It is the interview that continues to generate news. On February 25, 2019, veteran University of Univisión news anchor Jorge Ramos sat for an interview with Nicolas Maduro.. As expected, tension reigned between them.
The interview lasted only 17 minutes. It ended all of a sudden when Ramos showed his tablet pictures of three men searching for food in a trash can near Miraflores Palace in Caracas. Maduro wanted to cover the photos with his hand and withdrew. immediately, The Mexican journalist and his team were arrested and their tools for work, including the card on which the interview was recorded, were confiscated.Next day, to be deported to the United States. Their arrival in the country they are residing in raised the headlines.
But the interview became relevant again months later Univision They recovered the photos they thought were lost. Ramos explains the appearance of the video as “a betrayal of the dictator’s environment,” without giving further details (perhaps for the safety of those who helped him).
Today, more than two years later, that meeting with the leader of the failed Bolivarian revolution is again in the news because Ramos decided to publish a book about him.
The first thing to understand from this book is that other than telling what happened in Caracas in 2019, this is a story that can be considered a clue about how to speak to a dictator.
In the appendix to the book, or in Chapter Thirteen, Ramos defines journalism as “the counterforce.”
We must take sides. Neutrality helps the oppressor, not the victim. Silence motivates the tormentor not the tormentor. Ramos sometimes says in his book, “We have to intervene,” departing from the old principle that has practically fallen into disuse, suggesting that journalism must always be neutral.
There is no false neutrality hidden behind the first question with which Ramos decided to start his interview with Nicolas Maduro.
“As an interviewer, my main concern was to avoid having a soft and tolerant interview with anyone responsible for fraud and fatalities.” Ramos said in an entire chapter devoted to talking about how the interview began: “It will not be good journalism and I will never forgive myself. There he tells that he prepared this question and that it is. He decided to bring it up after lengthy conversations with the news chief UnivisionDaniel Coronel. We asked the question: In short, to the point that we knew it would harm her. So it was: ‘You are not the legitimate president. So what do I call her? For them you are a dictator.
Ramos knew the answer. He was denouncing the dictatorship in Venezuela years ago from Miami. What was not understood was why a dictator who did not usually give interviews agreed to sit for half an hour in front of Ramos.
For one thing, it was a matter of context. By February 2019, the Venezuelan opposition had not recognized the legitimacy of the 2018 elections and Juan Guaidó was declared interim president of the country as president of the National Assembly. Fifty countries in the world have recognized Guaidó as the legitimate leader of Venezuela. Maduro had to clean up his image and went out to speak to the foreign press.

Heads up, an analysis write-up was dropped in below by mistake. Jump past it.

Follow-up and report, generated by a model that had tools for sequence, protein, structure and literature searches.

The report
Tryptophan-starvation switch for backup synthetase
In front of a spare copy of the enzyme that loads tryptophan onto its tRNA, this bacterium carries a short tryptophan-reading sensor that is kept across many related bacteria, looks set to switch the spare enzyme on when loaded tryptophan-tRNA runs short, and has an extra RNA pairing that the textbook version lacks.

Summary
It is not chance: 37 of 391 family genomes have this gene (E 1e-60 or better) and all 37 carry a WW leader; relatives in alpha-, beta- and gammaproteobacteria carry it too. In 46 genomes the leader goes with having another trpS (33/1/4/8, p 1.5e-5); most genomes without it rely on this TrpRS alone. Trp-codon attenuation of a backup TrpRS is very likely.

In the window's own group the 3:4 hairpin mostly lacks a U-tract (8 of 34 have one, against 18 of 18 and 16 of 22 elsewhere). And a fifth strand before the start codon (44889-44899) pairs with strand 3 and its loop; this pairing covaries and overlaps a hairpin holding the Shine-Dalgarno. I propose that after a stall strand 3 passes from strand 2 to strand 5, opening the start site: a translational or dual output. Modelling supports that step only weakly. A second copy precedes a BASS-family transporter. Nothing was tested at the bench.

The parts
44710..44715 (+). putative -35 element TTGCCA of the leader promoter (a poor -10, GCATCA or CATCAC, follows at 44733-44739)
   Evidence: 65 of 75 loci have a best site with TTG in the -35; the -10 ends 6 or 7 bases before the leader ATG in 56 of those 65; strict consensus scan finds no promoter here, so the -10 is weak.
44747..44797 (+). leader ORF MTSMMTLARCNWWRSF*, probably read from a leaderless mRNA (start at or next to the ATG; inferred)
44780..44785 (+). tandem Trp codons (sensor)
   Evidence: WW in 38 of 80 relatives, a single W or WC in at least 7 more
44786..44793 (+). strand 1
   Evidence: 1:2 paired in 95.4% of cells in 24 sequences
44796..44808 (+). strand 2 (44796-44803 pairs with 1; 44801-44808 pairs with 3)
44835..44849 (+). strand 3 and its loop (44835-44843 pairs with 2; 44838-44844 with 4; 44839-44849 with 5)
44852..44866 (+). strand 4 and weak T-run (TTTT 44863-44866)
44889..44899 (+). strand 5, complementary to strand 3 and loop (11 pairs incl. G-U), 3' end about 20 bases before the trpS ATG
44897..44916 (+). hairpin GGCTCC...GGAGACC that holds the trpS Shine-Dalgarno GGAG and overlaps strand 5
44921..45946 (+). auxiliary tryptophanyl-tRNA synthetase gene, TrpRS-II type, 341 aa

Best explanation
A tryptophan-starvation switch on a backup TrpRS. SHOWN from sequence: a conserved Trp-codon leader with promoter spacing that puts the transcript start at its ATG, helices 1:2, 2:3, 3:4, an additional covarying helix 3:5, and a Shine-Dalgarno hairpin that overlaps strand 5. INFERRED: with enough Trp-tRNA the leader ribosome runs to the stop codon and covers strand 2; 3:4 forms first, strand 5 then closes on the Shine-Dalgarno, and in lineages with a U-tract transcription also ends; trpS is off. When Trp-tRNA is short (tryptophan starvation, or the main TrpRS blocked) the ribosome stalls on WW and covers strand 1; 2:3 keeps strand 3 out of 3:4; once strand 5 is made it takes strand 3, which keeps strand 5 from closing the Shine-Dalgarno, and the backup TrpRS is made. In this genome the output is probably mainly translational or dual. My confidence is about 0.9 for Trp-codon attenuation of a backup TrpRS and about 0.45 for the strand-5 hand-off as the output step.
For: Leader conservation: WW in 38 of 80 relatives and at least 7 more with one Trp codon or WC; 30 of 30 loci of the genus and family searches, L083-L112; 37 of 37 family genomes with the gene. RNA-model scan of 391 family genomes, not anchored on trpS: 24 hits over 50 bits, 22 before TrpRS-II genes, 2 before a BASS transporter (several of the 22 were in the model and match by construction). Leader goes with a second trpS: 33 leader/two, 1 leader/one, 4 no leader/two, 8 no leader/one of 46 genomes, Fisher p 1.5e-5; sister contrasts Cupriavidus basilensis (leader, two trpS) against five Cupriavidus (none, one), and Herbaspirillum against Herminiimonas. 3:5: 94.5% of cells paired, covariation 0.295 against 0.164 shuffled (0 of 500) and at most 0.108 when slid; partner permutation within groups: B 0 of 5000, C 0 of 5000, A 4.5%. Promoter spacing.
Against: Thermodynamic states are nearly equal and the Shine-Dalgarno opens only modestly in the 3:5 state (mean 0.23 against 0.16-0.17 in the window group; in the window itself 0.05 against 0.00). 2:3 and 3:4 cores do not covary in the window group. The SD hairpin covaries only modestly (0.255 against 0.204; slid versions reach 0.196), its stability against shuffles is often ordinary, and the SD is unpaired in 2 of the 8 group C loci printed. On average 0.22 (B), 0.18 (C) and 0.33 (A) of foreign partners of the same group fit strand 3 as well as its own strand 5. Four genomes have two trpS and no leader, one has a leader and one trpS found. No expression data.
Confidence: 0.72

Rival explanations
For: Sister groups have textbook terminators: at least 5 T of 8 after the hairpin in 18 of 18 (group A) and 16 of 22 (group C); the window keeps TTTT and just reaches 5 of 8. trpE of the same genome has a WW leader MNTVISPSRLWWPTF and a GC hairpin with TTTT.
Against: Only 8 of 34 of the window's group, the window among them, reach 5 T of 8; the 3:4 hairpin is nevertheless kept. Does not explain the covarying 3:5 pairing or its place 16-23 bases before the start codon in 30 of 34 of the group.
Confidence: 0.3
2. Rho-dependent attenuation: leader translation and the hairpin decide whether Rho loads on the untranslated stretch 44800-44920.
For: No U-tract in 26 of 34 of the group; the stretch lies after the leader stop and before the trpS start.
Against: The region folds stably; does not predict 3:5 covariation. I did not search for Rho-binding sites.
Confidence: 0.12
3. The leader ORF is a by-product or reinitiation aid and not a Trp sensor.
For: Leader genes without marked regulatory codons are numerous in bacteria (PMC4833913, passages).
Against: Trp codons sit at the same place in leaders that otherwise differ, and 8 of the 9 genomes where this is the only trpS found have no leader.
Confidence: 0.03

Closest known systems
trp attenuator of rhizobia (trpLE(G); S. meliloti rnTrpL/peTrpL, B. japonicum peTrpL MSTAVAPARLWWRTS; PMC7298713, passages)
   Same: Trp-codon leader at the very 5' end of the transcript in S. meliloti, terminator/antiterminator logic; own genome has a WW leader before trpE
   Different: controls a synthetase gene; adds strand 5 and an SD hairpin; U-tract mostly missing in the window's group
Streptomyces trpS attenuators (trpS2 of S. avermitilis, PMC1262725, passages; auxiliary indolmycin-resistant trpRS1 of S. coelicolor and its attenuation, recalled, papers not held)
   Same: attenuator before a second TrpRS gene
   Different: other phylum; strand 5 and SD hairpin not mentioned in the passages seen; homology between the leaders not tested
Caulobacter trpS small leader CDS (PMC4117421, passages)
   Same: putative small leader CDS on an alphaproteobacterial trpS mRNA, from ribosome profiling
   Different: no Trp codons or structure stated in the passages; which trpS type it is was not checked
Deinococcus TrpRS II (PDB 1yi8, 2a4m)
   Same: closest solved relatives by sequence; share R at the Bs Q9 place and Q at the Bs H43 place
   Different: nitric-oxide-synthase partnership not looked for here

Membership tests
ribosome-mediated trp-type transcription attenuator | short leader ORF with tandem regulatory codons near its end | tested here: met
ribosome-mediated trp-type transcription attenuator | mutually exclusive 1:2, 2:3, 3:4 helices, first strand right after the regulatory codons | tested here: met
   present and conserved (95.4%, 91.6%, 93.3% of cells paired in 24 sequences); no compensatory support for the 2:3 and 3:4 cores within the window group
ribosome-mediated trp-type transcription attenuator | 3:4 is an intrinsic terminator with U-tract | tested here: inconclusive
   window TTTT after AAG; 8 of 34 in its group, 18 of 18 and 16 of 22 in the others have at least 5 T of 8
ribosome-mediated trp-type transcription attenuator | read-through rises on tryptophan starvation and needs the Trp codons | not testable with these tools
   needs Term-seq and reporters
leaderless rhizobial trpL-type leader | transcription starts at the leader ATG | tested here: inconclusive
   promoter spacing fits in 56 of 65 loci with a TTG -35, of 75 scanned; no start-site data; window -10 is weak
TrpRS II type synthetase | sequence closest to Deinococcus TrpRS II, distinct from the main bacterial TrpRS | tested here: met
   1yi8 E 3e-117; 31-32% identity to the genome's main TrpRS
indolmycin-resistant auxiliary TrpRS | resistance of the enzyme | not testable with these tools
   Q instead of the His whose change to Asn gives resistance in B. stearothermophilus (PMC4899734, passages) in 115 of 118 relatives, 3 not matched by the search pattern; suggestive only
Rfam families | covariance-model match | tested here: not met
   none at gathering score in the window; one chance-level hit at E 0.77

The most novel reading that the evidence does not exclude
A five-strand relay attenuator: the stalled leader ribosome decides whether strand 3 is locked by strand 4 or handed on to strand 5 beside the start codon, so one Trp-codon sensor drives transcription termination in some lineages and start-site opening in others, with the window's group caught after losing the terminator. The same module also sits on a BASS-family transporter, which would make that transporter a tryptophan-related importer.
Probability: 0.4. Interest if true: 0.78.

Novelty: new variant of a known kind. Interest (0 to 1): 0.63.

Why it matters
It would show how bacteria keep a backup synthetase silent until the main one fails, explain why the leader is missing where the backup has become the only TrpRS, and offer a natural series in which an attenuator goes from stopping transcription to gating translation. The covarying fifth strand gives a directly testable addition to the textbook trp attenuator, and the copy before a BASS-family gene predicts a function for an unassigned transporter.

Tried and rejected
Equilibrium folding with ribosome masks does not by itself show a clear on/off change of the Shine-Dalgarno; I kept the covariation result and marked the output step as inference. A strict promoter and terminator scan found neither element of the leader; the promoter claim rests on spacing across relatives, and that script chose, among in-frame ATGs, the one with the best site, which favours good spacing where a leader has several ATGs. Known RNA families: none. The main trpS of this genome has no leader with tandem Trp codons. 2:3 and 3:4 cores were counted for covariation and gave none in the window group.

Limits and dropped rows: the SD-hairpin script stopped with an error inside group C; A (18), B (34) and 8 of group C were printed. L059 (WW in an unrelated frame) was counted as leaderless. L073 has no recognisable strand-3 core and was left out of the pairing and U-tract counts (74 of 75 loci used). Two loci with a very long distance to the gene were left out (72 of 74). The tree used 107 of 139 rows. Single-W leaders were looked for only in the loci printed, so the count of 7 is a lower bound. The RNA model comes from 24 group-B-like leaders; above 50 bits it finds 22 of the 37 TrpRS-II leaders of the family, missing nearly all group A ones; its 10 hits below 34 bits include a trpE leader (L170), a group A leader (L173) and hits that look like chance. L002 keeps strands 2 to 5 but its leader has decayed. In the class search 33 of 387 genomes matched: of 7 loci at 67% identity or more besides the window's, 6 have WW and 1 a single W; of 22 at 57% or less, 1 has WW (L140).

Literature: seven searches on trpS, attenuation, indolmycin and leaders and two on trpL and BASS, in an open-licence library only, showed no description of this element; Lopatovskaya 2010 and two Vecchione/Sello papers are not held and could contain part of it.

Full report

But then again, with so many left-wing journalists in the world who could have been more benevolent towards Maduro, why would Jorge Ramos?
“Strong men do not speak (…) if they have something to communicate with, it is sufficient to use the media in the service of the state – and all others under their control – to send the message, without criticism and without anyone questioning it. But they know deep down that they lack something: Credibility The only way their communication can be credible is if they speak through an independent medium, with a critical journalist or, at least, neutral, as the author points out.
In those days, Ramos had made the news because he was fired from a White House press conference after a long question in which he told then-President Donald Trump that his policy was anti-Latin. Ramos believes that Maduro’s environment must have believed that “if he is not a supporter of Trump, then he should be a friend of Bolivarian Venezuela.”.
Trump has his own section in the book. Ramos gives his view on the situation in Venezuela and says that Trump’s policy was “hypocritical and false”, because it “made Venezuelans believe that the famous phrase” all options are on the table “means that the United States, which was contemplating armed intervention in his country, when he did not have Plan. ” In the book, Ramos makes it clear that he believes the United States should not enter Venezuela.
Toward the end of the book, Ramos tells of another interview he gave that somehow answered the initial question he posed to Maduro at the failed meeting. In March 2019, back in Miami, the Mexican gave an interview to Juan Guaidó via Skype. He decided to start by also asking him what he was calling since the dictatorship had insisted that Guaidó had declared himself president.
“The president is responsible for Venezuela under a constitutional mandate,” he told me. Then he gave me the explanation. Article 233 of the Constitution stipulates that in the event of the absolute absence of the President of the Republic (…), the President of the National Assembly shall be responsible for the presidency of the Republic. The presidency of Venezuela was officially vacated after Maduro’s massive electoral fraud in May 2018 and his usurpation of power in January 2019, Ramos explains.
“17 Minutes with the Dictator” is the fourteenth book published by journalist Jorge Ramos, who has completed 35 years on the Univisión TV network.